Home
 
Choose Your City
Change City

Lovers to roomies: Not always a fairy tale ending

Shacking up and creating your own little love nest can be the stuff of poetry and cheesy love songs alike. But unfortunately, neither mentions that two of every piece offurniture, coupled with conflicting opinions, do not meld quite soharmoniously.

Shacking up and creating your own little love nest can be the stuff of poetry and cheesy love songs alike. But unfortunately, neither mentions that two of every piece of furniture, coupled with conflicting opinions, do not meld quite so harmoniously.



Dorian Solot, co-author of the relationship book, Unmarried to Each Other, explains: “Some couples find the best way to guarantee smooth sailing is for the partner who’s less invested to just forfeit and grant the other the right to make decorating decisions.”



But then you might end up with a scenario in which one half of the couple doesn’t feel at home in his or her new place.



So, how can two lovebirds keep an apartment share fair? “You should allow each partner to have their own ‘sanctuary’ space within the apartment,”?says Solot’s partner, Marshall Miller.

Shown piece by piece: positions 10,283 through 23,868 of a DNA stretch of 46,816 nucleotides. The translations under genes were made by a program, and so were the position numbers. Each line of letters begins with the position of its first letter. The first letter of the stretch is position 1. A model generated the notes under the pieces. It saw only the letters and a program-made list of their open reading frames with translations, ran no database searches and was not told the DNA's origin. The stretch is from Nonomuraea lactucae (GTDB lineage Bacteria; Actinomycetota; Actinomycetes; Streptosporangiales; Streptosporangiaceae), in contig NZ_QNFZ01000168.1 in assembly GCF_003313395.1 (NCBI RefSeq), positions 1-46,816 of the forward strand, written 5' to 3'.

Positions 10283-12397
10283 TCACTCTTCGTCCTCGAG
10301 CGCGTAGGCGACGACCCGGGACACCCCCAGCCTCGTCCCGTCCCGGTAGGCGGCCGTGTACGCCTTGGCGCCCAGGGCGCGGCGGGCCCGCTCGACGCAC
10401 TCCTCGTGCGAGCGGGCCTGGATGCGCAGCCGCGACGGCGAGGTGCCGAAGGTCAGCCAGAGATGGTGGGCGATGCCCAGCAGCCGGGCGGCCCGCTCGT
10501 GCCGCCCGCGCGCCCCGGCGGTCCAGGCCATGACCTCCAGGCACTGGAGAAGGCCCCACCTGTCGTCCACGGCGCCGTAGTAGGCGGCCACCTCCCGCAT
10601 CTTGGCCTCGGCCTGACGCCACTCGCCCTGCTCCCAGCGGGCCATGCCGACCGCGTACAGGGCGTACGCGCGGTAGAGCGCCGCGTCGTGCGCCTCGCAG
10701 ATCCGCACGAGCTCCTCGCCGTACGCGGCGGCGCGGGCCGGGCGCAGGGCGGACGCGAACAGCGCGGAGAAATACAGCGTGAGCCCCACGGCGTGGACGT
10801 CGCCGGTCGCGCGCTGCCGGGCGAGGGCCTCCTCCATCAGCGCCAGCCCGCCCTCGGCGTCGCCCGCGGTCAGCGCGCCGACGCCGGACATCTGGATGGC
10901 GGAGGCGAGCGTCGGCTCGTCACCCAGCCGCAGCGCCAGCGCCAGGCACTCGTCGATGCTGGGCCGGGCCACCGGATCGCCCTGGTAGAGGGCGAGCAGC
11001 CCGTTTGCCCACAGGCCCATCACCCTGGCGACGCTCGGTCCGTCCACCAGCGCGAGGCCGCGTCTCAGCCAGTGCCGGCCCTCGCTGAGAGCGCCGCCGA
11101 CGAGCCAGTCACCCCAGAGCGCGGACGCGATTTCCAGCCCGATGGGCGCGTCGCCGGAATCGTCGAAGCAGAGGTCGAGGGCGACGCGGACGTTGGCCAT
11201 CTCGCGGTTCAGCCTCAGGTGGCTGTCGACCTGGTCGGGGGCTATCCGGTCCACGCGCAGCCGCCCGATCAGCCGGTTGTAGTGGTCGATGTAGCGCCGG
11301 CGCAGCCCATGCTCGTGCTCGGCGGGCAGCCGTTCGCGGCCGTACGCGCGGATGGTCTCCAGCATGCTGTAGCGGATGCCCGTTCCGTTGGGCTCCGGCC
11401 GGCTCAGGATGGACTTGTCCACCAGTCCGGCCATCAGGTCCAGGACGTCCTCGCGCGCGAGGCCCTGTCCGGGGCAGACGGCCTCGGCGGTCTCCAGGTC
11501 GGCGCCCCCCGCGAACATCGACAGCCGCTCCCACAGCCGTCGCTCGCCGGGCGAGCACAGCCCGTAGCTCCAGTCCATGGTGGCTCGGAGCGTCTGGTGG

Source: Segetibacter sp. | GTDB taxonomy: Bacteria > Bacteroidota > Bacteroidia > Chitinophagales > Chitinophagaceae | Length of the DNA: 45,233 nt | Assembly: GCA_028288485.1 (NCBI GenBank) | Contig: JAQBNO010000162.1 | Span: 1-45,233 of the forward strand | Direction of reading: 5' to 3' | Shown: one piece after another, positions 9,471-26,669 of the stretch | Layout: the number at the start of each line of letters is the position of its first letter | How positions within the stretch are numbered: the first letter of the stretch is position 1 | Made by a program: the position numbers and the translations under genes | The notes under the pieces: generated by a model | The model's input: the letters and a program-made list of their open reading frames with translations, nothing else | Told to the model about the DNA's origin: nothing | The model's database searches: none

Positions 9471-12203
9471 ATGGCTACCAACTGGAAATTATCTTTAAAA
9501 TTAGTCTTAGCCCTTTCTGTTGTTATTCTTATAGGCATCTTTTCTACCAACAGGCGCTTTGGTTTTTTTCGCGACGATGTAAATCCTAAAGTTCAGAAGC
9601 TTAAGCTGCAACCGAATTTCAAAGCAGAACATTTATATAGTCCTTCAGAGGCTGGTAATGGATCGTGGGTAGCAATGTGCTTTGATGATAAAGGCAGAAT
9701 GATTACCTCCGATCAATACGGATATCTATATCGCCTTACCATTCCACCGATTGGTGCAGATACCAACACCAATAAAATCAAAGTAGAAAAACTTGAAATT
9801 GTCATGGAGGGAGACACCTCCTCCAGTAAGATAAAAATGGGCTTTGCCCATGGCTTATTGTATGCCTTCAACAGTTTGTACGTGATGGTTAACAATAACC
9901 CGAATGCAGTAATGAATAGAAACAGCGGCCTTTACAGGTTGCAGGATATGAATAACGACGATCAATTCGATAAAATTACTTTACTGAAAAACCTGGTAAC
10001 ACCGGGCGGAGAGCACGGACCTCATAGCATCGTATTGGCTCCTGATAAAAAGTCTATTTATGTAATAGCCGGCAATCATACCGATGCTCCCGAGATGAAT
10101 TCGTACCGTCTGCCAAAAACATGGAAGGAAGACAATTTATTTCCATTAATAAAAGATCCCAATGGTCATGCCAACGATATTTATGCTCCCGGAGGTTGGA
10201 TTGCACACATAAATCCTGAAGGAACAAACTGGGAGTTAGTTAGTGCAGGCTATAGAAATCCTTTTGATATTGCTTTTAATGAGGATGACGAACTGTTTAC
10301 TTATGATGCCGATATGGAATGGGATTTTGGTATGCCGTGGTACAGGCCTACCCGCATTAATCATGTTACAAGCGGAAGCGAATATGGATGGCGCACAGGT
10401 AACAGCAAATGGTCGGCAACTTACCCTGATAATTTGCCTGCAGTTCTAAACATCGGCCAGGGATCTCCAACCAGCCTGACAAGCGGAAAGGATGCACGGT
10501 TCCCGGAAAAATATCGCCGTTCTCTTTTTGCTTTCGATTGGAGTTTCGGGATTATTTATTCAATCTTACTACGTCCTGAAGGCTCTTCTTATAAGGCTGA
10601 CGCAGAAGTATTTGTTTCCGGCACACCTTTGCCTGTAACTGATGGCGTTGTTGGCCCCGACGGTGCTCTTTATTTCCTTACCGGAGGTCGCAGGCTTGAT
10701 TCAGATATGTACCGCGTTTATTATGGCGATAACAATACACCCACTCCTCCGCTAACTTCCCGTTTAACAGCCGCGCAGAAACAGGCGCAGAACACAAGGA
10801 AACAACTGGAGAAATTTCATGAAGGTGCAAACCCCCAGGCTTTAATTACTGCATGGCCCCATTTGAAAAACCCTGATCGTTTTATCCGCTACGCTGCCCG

“Also, when it comes to purchasing shared items like a sofa, each partner should split them into ‘love it’, ‘maybe’ and ‘no way’ categories and agree to pick the one that you jointly rank as your favourite,”?he adds.



A decorating democracy sounds like bliss but the chaps among you surrounded by soft pastels and delicate feminine touches will know that sometimes a woman’s vote can count for two. To avoid this, Miller suggests “the man pick out at least one piece of art for a public part of the house. Little things work too, like asking for his opinion on wall colours. You can also diversify your coffee table or magazine rack to include the types of books and publications guys enjoy.”



But inevitably, some relationships are doomed to fail. To protect yourself, and your things, Miller suggests drafting a “living together agreement” rather than “labelling everything you own as if you’re a kid going to camp.” He says this is the opportunity to reach an agreement about finances and which valuable possessions each person brings into the relationship.



“Many couples agree that anything purchased after they live together will be presumed to belong to both jointly and if they break up, they can agree to sell those items,”?Miller adds. At least this way, you’ll avoid all the petty arguments over who bought the Friends box set.

 
Consider AlsoFurther Articles